Visits with your aging parents often are a wake-up call this time of year. Perhaps you haven’t seen your loved ones for some time and when you do, it’s startling. Aging can be a gradual process for some but for others, the changes accelerate so fast it shocks those who haven’t seen them in months.
None of us can predict how we will age. We all wish it were about not having to depend on others, but that not how things normally work. Aging takes its toll on body and mind and we can be forced to rely on others to help us at some point. What is that point?
If you visit your aging loved one, notice these five things. Anyone of them is a red flag. It can be a warning to you that help is needed and a serious discussion is mandatory if you want them to stay safe. Don’t wait for your loved one to bring up a need for help. Too often, they can’t face it and are in denial. Many older people are terrified at the thought of being “put in a home” which they see as a form of imprisonment. Loss of control over their lives is the fear. Those living alone are especially vulnerable as day-to-day, no one is watching.
- Unusually unkempt appearance. Forgetting to comb one’s hair is one thing. By itself, it may not mean much. But dirty clothing, lack of basic hygiene, failure to notice grooming and personal appearance are a deeper problem. If a parent was always fastidious and you see a change, don’t dismiss it as unimportant. It is a signal that something has changed.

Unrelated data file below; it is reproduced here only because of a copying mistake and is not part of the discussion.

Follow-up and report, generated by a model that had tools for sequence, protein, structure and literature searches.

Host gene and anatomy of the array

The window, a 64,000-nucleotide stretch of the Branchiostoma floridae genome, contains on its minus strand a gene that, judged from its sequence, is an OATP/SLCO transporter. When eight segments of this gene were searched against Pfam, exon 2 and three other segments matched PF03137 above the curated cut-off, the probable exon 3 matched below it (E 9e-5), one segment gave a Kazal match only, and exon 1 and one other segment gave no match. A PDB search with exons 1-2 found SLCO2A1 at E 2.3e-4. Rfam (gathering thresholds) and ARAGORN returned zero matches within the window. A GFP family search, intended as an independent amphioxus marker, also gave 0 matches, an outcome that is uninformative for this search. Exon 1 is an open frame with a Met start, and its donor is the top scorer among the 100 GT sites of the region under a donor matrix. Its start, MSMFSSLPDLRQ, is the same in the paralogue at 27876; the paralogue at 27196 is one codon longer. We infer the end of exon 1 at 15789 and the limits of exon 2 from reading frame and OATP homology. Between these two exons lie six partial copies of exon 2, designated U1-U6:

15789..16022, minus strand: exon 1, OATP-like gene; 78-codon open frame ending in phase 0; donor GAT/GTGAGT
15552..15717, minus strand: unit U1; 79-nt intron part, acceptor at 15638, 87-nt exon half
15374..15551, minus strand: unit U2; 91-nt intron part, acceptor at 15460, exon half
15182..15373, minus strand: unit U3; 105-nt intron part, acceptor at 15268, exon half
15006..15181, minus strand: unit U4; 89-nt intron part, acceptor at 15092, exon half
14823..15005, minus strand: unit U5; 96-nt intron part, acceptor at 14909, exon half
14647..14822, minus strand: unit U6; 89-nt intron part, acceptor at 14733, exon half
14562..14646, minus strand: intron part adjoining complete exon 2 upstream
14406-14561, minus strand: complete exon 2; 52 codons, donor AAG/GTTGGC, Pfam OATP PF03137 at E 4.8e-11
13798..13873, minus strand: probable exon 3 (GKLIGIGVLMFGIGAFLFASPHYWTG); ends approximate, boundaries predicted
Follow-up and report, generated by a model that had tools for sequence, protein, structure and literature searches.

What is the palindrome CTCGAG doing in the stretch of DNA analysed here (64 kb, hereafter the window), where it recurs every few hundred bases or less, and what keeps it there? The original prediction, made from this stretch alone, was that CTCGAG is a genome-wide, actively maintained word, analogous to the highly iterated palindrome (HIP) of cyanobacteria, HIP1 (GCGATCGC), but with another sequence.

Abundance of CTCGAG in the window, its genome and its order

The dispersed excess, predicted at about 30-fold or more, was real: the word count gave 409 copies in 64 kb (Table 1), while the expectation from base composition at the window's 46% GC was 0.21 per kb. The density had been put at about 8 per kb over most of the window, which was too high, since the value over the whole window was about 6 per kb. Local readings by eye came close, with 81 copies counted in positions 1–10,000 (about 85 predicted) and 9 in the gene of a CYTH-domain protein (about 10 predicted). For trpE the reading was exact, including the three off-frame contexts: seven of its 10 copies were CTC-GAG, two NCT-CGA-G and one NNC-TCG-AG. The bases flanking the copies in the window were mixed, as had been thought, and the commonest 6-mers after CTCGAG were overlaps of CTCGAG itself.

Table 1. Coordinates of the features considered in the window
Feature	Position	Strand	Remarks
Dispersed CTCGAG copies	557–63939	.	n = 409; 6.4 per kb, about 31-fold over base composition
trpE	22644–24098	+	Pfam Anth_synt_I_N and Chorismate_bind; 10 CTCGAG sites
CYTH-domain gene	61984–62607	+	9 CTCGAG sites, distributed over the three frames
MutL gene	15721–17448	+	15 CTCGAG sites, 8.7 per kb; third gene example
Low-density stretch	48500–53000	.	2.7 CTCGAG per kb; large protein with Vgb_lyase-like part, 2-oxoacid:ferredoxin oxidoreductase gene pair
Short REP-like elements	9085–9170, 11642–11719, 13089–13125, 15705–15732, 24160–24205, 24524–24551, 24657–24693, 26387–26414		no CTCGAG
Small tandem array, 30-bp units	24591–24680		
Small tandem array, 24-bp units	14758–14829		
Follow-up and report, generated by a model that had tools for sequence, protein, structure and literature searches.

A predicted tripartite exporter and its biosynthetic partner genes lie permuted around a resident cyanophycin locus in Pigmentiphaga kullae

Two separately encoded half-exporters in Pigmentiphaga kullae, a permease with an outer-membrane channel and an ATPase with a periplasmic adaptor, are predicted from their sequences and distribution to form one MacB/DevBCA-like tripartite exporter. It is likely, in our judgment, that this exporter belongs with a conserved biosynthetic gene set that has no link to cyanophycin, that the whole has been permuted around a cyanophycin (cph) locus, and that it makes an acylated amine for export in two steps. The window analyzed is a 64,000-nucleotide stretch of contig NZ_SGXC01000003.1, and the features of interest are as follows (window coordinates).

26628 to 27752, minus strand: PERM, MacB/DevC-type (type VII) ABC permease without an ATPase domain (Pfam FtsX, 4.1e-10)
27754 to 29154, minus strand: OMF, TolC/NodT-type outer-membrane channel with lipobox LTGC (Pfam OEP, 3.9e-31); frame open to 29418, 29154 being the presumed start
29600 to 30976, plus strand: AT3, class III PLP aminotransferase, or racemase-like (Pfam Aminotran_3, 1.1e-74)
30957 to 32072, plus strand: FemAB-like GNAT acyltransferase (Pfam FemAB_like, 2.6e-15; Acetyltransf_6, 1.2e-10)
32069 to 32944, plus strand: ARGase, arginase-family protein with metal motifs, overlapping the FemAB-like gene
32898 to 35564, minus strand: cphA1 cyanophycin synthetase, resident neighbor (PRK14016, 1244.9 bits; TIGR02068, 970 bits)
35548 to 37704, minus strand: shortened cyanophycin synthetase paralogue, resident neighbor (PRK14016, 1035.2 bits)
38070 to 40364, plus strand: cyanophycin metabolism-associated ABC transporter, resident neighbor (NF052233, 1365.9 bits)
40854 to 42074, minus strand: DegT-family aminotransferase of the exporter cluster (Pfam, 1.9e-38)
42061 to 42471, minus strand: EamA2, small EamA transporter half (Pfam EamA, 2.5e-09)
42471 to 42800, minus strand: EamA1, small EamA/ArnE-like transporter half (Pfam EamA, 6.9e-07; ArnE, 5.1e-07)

- Inability to track the conversation. An aging parent who was, in the past, able to participate in a discussion about current goings on or any more serious subject and now can’t keep up or follow what is being said is showing you signs of cognitive decline. There may be several explanations for this, but it is not normal and not “just getting old”. Normal aging does not cause us to lose intelligence.
- Repeating one’s self over and over again. Older people start to lose short-term memory when dementia is developing and short-term memory loss is a classic sign of cognitive impairment. If your loved one keeps asking the same question you just answered or tells the same story six times an hour, you have a warning that could mean dementia is in process. Your loved one needs a doctor visit to check it out.
- Unsteady on her feet, recent falls. If your loved one seems wobbly on her feet and is holding onto the furniture to get around in the house, you are seeing a big red flag. Falls are unfortunately common among elders and are often the trigger that leads to injury, hospitalization, and loss of independence. Perhaps she needs a walker or cane. An evaluation by her physician and a physical therapist can avoid what your aging parent dreads most: losing the ability to be on her own.
- Unattended paperwork around the house. This includes unpaid bills, collection and dunning notices, and requests for renewal or information appropriately sent to the home. Your aging parent may be having trouble keeping track of finances. This is a warning that it is time for the adult child to step in. An aging parent may not be set up for automatic bill payment online but you can offer to do this for them. That will enable you to not only track what is going on financially but protect them from things like insurance being terminated, utilities being cut off and worse yet, financial abuse.
Learn more about best ways to help your aging parents as you begin to take more responsibility at AgingParents.com.
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